Alcoa Electronic Packaging, a subsidiary of the world's largest aluminum maker, on Thursday indefinitely laid off 1,200 workers and raised doubts about its future, saying its main customer Intel Corp. will no longer be buying its computer chip covers.
Intel had told Alcoa in November that it was curtailing orders as it shifts to plastic chip covers, known in the industry as "packages," rather than the ceramic type produced by Alcoa. It stopped placing new orders for chip packages from Alcoa on Wednesday.
Packages are the boxes that cover fingernail-size computer chips, making it possible to touch them and preventing them from conducting electricity outside their circuitry.
Intel said it will help Alcoa's workers find new jobs.
The workers were already on a holiday break and not scheduled to return until Jan. 3, said A.T. Posti, a spokesman at Aluminum Co. of America's headquarters in Pittsburgh.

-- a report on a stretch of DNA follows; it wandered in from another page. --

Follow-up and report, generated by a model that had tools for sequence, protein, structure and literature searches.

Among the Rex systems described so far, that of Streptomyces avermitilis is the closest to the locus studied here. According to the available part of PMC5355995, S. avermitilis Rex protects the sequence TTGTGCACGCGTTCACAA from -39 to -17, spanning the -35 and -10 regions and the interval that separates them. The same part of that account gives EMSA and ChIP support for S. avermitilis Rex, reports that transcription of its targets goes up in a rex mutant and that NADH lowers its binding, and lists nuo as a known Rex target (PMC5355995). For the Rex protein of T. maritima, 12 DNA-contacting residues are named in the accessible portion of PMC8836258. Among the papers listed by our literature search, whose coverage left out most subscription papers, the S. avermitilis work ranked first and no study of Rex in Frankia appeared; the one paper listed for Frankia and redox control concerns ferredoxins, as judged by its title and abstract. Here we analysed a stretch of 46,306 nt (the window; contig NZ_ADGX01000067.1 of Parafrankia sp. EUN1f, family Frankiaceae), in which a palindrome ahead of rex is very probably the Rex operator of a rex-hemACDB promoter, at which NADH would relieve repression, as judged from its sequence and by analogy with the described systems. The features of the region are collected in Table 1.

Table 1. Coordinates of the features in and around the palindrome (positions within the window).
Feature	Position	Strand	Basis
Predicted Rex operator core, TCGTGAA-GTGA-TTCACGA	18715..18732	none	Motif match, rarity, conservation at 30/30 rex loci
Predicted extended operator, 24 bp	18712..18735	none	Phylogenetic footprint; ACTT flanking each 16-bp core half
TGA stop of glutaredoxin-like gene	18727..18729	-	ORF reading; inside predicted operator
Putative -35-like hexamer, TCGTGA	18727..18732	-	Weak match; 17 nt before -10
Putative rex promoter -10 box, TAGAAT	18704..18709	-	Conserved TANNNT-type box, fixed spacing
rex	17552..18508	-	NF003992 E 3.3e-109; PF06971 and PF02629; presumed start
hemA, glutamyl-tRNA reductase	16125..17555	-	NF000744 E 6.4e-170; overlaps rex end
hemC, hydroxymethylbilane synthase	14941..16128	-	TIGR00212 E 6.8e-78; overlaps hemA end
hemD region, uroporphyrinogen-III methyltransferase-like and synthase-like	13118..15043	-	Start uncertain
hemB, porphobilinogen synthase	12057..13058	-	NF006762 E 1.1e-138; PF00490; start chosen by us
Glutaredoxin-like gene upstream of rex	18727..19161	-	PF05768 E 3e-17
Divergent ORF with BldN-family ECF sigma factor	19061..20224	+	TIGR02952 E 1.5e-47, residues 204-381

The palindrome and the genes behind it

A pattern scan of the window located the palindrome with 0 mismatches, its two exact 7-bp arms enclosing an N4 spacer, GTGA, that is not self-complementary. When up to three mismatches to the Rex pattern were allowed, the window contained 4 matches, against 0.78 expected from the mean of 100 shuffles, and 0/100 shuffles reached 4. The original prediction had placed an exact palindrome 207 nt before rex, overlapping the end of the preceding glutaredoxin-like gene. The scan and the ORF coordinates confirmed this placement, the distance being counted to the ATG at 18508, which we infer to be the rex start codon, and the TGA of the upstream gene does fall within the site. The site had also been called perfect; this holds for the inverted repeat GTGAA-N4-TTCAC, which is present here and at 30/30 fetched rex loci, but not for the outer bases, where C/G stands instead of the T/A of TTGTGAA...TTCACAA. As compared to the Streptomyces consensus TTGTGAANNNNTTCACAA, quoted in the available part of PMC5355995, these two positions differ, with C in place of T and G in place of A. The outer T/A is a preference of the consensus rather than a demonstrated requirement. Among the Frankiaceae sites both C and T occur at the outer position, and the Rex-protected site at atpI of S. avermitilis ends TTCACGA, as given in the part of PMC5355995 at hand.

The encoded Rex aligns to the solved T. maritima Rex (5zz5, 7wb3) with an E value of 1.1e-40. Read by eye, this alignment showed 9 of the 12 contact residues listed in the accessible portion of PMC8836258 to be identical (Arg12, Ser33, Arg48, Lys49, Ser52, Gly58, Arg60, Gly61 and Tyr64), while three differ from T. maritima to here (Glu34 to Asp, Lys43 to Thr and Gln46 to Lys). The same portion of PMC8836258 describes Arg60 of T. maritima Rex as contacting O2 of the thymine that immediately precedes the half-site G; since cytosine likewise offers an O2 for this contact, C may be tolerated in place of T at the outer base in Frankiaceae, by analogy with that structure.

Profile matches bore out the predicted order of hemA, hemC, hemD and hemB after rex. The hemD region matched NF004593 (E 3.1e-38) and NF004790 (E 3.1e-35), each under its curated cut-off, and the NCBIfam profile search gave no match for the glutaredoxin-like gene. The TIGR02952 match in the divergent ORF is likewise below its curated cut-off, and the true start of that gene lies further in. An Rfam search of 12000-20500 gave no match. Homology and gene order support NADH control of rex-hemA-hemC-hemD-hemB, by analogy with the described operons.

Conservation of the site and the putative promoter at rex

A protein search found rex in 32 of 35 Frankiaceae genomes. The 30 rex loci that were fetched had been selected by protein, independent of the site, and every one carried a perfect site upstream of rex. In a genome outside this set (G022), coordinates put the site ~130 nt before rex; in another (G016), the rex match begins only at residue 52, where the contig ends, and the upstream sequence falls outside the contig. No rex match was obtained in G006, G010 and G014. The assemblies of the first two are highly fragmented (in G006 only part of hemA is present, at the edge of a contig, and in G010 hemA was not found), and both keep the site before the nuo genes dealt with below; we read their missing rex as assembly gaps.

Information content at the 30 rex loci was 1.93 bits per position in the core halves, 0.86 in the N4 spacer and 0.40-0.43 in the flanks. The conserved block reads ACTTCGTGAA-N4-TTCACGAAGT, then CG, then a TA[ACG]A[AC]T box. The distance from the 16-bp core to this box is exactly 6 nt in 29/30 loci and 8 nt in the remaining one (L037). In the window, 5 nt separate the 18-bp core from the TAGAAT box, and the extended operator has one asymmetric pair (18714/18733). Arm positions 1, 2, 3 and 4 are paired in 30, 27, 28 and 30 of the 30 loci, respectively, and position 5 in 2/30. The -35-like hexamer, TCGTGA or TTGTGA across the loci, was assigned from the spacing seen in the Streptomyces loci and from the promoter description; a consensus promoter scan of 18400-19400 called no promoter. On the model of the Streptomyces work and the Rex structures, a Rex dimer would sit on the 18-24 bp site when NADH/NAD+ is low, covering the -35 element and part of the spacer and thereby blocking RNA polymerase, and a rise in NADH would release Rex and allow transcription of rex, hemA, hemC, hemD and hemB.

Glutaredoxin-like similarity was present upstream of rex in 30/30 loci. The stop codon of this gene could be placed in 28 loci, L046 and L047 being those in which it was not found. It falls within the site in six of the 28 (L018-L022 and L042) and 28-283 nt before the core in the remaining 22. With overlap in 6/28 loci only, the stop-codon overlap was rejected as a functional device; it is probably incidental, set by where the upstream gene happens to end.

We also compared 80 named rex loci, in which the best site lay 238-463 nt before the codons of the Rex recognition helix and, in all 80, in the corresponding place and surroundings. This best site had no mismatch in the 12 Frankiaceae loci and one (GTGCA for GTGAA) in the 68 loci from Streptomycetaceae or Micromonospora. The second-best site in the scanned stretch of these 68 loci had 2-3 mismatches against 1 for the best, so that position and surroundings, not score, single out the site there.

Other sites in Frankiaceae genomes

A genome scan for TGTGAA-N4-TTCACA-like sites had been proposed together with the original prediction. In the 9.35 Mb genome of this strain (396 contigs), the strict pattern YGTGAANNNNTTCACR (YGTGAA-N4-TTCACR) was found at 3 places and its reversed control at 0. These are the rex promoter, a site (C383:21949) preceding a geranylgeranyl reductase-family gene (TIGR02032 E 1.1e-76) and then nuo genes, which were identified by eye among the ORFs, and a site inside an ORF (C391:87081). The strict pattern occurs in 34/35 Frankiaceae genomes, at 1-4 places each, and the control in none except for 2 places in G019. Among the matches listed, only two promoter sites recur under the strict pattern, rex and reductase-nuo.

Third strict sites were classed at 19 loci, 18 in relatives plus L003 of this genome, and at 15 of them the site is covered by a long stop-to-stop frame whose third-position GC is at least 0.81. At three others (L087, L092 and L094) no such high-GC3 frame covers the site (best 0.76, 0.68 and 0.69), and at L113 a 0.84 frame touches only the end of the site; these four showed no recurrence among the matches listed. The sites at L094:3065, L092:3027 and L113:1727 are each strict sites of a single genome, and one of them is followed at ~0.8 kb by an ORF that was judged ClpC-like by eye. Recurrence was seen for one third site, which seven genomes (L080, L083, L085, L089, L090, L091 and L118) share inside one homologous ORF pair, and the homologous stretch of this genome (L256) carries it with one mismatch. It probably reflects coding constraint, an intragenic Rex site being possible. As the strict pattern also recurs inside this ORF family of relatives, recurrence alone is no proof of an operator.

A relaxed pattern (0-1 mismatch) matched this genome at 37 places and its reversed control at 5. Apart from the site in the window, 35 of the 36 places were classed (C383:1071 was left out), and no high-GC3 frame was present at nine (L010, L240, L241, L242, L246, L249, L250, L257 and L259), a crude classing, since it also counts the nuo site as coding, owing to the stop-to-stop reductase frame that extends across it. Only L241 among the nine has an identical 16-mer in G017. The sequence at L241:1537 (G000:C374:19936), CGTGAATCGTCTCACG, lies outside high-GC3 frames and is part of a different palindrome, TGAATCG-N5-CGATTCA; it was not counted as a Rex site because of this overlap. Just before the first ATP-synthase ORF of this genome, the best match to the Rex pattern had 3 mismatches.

Intel spokesman John Thompson said the company did not cancel any existing orders with Alcoa and has offered to buy its remaining inventory of chip packages.
Because Intel is the largest maker of semiconductors, its actions are widely scrutinized for what they might say about the overall computer chip market. In recent weeks, analysts have been watching for signs of slowing growth in chip sales.
But Thompson said Intel's production expectations had not changed and would not be affected by the end of its relationship with Alcoa. It has three other suppliers of ceramic packages.
"That industry is in an overcapacity situation," he said. "We don't anticipate any problem in meeting our needs."
Intel already uses plastic to cover some of chips but not yet microprocessors, which are its core product.
Half of the 1,200 Alcoa workers are temporary employees whose contracts will be terminated Jan. 3, Posti said. The company is looking at options for the rest.